Most snakes aren’t harmful to humans and, in fact, can be beneficial to have around as they help keep other pest populations under control. If you have a problem with snakes, contact your local pest control company for a snake removal and prevention plan that best suits your situation.
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As the weather cools off and fall peeks around the corner, many people are taking advantage of the milder weather and spending more time outside. Unfortunately, many pests and wildlife, including snakes, are also enjoying the milder weather, preparing for the impending winter. Although most snakes encountered in Georgia are nonvenomous, there are a few species of venomous snakes to keep an eye out for. These include the copperhead, the timber rattlesnake, the cottonmouth, the eastern diamondback rattlesnake, the eastern coral snake, and the pigmy rattlesnake.
When spending time outdoors, keep an eye out for snakes in backyards, parks, and areas near the woods. They also like to frequent areas that border streams, lakes, swamps, and ponds. Snake season begins in the spring, usually March to April. Snake season doesn’t end until late fall or even winter, depending on weather patterns and where you’re located. Snakes in the southern states will stay active much longer than up north where the cold sets in sooner.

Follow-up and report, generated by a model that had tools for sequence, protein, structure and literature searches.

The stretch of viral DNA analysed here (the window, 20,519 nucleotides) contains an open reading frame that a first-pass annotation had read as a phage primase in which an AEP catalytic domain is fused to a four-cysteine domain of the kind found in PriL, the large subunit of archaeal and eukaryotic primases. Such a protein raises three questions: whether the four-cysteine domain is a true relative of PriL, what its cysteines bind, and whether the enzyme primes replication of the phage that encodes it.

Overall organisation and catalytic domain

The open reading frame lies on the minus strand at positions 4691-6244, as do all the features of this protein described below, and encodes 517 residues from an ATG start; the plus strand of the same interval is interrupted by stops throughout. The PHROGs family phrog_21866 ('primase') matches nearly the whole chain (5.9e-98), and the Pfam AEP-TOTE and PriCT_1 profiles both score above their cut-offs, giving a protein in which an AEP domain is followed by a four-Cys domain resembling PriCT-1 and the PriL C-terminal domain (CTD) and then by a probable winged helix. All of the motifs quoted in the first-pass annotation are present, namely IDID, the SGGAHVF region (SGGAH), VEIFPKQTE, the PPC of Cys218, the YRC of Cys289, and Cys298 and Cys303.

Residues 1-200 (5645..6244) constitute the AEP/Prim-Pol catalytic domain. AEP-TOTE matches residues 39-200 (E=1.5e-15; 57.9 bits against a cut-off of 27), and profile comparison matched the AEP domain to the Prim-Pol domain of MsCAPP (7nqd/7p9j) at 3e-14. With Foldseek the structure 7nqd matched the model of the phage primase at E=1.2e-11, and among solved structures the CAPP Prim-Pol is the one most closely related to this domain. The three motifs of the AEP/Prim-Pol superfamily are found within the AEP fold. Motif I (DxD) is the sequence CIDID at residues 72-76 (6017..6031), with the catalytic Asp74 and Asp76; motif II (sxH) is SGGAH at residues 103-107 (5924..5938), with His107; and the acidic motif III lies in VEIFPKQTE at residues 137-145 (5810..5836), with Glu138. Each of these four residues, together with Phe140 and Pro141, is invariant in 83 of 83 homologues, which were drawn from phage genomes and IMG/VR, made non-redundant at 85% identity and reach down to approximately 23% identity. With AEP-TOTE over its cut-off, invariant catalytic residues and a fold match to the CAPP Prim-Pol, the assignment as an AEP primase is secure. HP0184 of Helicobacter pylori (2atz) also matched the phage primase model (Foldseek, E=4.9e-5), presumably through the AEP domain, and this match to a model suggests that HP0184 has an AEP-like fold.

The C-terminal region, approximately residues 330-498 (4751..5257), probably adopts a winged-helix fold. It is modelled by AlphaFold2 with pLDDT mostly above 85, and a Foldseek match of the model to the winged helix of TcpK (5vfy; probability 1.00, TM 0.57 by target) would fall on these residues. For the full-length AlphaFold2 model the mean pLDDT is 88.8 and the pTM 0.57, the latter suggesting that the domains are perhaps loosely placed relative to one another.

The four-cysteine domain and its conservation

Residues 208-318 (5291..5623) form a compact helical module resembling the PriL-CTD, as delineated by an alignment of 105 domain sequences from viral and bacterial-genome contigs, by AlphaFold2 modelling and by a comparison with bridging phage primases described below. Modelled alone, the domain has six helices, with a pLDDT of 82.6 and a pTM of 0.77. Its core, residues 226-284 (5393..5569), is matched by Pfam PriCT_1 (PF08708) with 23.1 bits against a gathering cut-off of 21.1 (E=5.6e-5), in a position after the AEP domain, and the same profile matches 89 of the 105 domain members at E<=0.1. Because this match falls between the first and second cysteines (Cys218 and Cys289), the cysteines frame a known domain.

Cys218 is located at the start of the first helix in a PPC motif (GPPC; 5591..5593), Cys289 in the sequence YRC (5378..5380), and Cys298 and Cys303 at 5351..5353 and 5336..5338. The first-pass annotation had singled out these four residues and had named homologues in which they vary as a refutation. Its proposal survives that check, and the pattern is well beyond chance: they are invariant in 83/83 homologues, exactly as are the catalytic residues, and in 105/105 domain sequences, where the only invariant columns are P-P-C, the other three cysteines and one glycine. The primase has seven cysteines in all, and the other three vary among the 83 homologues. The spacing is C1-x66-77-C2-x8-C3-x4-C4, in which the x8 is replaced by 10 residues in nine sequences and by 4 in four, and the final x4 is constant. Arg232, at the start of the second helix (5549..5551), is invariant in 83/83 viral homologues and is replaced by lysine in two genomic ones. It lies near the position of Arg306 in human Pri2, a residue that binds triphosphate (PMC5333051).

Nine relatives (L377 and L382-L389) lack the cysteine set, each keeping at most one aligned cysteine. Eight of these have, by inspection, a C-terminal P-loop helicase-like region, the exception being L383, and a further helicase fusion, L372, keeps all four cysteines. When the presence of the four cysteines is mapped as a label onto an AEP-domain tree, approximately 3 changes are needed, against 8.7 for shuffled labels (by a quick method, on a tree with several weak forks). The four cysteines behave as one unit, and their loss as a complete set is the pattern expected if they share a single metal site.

If you run into a snake, keep these tips in mind:
- Familiarize yourself with the venomous snake species common in your area and how to recognize them.
- Try to identify the snake without getting too close to it.
- Give the snake space.
- If spending time outdoors, wear closed-toed shoes and long pants.
- Remove any brush, log piles and other attractants for rodents from around your home.
- Seal up any cracks, gaps, and holes that snakes can use to get into.
- Remember that non-venomous snakes are protected by law in Georgia.
Because snake season hasn’t quite ended yet, it’s still important to take precautions when spending time outdoors. It’s best to leave snake removal to the professionals, especially if you aren’t sure what type of snake you’re dealing with. If you have a problem with snakes or any other pests, contact your local pest control company for proper identification and safe elimination of the offending creature.
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As the weather heats up, snakes will be on the move, emerging from hibernation in search of food. Snake season peaks in the summertime, making your chances of an encounter with these reptiles increase. Here are 7 common snakes you may encounter this summer, along with snake prevention tips to help you avoid these pests while outdoors.
Eastern King Snakes